Blessings and good tidings to all of the mothers out there! Hoping you all have a wonderful day.
Remember to honor your mother today!
Harassed boyfriend jumped to his death after his girlfriend insisted on going into another clothes shop
In a rare convergence of the calendar, Thanksgiving and the first day of Hanukkah, the eight-day Jewish festival of lights, fall on the same date this year: November 28. The reason for the fuss: It is a holiday mashup that has happened only once before, in 1888, according to those who track the Jewish calendar. And it is one that isn’t set to happen again for potentially another 70,000-plus years.
It’s a turkey. It’s a menorah. It’s Thanksgivukkah!
An extremely rare convergence this year of Thanksgiving and the start of Hanukkah has created a frenzy of Talmudic proportions.
There’s the number crunching: The last time it happened was 1888, or at least the last time since Thanksgiving was declared a federal holiday by President Lincoln, and the next time may have Jews lighting their candles from spaceships 79,043 years from now, by one calculation.
www.hosted.ap.org – By STACY A. ANDERSON Associated Press
Obama celebrates Hanukkah at White House
WASHINGTON (AP) — President Barack Obama says Hanukkah is a story of “resilience and optimism.”
He and first lady Michelle Obama held a White House reception Thursday on the sixth evening the Jewish Festival of Lights.
In the Hanukkah story, a small band of Jews rededicating a Jerusalem temple found that a one-day supply of oil kindled a flame instead for eight.
Thursday’s celebration included the reciting of traditional prayers and the lighting of candles in a 90-year old menorah from a temple in Long Island, N.Y., that sustained heavy flooding during Superstorm Sandy.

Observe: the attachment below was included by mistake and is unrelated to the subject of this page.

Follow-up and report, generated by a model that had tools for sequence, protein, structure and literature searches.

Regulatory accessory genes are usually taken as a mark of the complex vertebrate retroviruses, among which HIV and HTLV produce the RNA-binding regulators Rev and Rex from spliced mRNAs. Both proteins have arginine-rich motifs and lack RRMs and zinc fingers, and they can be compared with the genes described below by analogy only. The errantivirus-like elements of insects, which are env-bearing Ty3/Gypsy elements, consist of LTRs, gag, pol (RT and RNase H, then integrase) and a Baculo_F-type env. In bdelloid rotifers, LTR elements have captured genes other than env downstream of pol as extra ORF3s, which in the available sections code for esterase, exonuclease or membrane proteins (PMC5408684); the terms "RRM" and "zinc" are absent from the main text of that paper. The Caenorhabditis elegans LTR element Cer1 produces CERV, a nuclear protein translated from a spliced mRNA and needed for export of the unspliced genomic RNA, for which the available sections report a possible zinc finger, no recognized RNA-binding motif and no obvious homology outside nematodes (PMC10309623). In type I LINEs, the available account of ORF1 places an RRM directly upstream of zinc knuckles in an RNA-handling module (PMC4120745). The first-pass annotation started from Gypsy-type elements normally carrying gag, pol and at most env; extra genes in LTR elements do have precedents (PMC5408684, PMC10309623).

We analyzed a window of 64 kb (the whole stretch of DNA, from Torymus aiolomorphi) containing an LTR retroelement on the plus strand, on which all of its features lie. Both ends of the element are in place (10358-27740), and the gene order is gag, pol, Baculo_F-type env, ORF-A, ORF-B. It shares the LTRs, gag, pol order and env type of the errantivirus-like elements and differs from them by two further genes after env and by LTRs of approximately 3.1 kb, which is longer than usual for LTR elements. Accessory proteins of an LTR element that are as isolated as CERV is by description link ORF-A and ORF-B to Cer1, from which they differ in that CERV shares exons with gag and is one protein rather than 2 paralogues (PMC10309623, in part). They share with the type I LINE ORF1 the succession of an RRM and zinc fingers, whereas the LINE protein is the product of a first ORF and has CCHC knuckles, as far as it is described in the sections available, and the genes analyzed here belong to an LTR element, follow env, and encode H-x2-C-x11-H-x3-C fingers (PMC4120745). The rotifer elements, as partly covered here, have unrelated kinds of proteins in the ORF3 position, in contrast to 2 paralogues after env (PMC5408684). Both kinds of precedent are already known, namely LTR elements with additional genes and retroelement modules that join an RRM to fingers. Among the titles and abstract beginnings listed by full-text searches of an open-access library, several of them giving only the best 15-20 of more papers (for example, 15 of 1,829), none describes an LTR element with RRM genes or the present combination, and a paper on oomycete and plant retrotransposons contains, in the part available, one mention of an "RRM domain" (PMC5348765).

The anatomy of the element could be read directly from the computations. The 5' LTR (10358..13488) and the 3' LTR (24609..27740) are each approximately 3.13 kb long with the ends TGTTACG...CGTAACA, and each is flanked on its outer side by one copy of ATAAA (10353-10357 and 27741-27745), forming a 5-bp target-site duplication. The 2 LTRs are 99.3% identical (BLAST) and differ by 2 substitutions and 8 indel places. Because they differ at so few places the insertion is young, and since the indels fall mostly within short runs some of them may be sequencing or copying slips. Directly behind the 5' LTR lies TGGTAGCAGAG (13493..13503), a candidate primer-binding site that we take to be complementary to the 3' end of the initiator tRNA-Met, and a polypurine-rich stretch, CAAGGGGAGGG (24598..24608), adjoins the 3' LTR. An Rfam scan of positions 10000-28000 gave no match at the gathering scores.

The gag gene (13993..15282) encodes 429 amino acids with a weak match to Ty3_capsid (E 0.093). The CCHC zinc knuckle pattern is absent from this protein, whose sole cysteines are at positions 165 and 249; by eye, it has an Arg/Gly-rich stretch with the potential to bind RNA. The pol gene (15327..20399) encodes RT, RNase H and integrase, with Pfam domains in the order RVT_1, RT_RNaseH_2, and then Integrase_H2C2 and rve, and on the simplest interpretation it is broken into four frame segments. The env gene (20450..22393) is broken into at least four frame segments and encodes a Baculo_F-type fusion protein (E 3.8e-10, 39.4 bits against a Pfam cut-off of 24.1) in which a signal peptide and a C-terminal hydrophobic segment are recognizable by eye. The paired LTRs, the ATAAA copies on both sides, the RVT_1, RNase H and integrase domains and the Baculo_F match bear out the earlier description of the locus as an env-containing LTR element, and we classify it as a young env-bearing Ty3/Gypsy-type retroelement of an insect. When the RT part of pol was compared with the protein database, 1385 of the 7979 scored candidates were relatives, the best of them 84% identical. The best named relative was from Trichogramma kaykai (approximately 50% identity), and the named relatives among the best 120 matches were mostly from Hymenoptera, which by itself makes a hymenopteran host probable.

Obama said the menorah is “a symbol of perseverance” and “a reminder of resilience and hope in the fact that we will be there for them as they recover.”
He also reasserted America’s “unshakable” support for Israel.
www.israelnationalnews.com By Maayana Miskin
Muslims Riot, Jews Banned from Temple Mount
Jews have been barred from the Temple Mount in Jerusalem until Sunday, the last day of Hanukkah. The Temple Mount is the holiest site on earth according to Jewish tradition.
The ban is aimed at preventing a Muslim riot at the site. Riots are thought to be particularly likely following Friday prayers.
It follows riots and terror attacks in Judea and Samaria. Tensions were particularly high following two incidents in which soldiers shot Arab attackers in Hevron.
Jewish organizations dedicated to Temple Mount activism expressed upset at the police ban. “The police treat the Temple Mount like a Muslim site, and open it to others only when necessary for tourism, at times and on days that suit tourists,” activists accused.
“In comparison,” they continued, “Jewish residents of Israel are discriminated against.”
They called to leave the Temple Mount open to Jews on every Jewish holiday. “The police must consider the many who wish to ascend the Mount for prayers and visits on Jewish holidays, and to institute the model used in the Tomb of the Patriarchs,” they urged. The Tomb of the Patriarchs in Hevron is normally split between Jews and Muslims, but is opened in its entirety to each religion on its holidays.
Currently Jewish prayer is not allowed on the Temple Mount, again for fear of Muslim reactions. Jews are allowed to visit the holy site but can be arrested for praying or even moving their lips in what appears to be prayer.
Activist groups have intervened against such arrests, and have successfully lobbied police to ease anti-Jewish discrimination.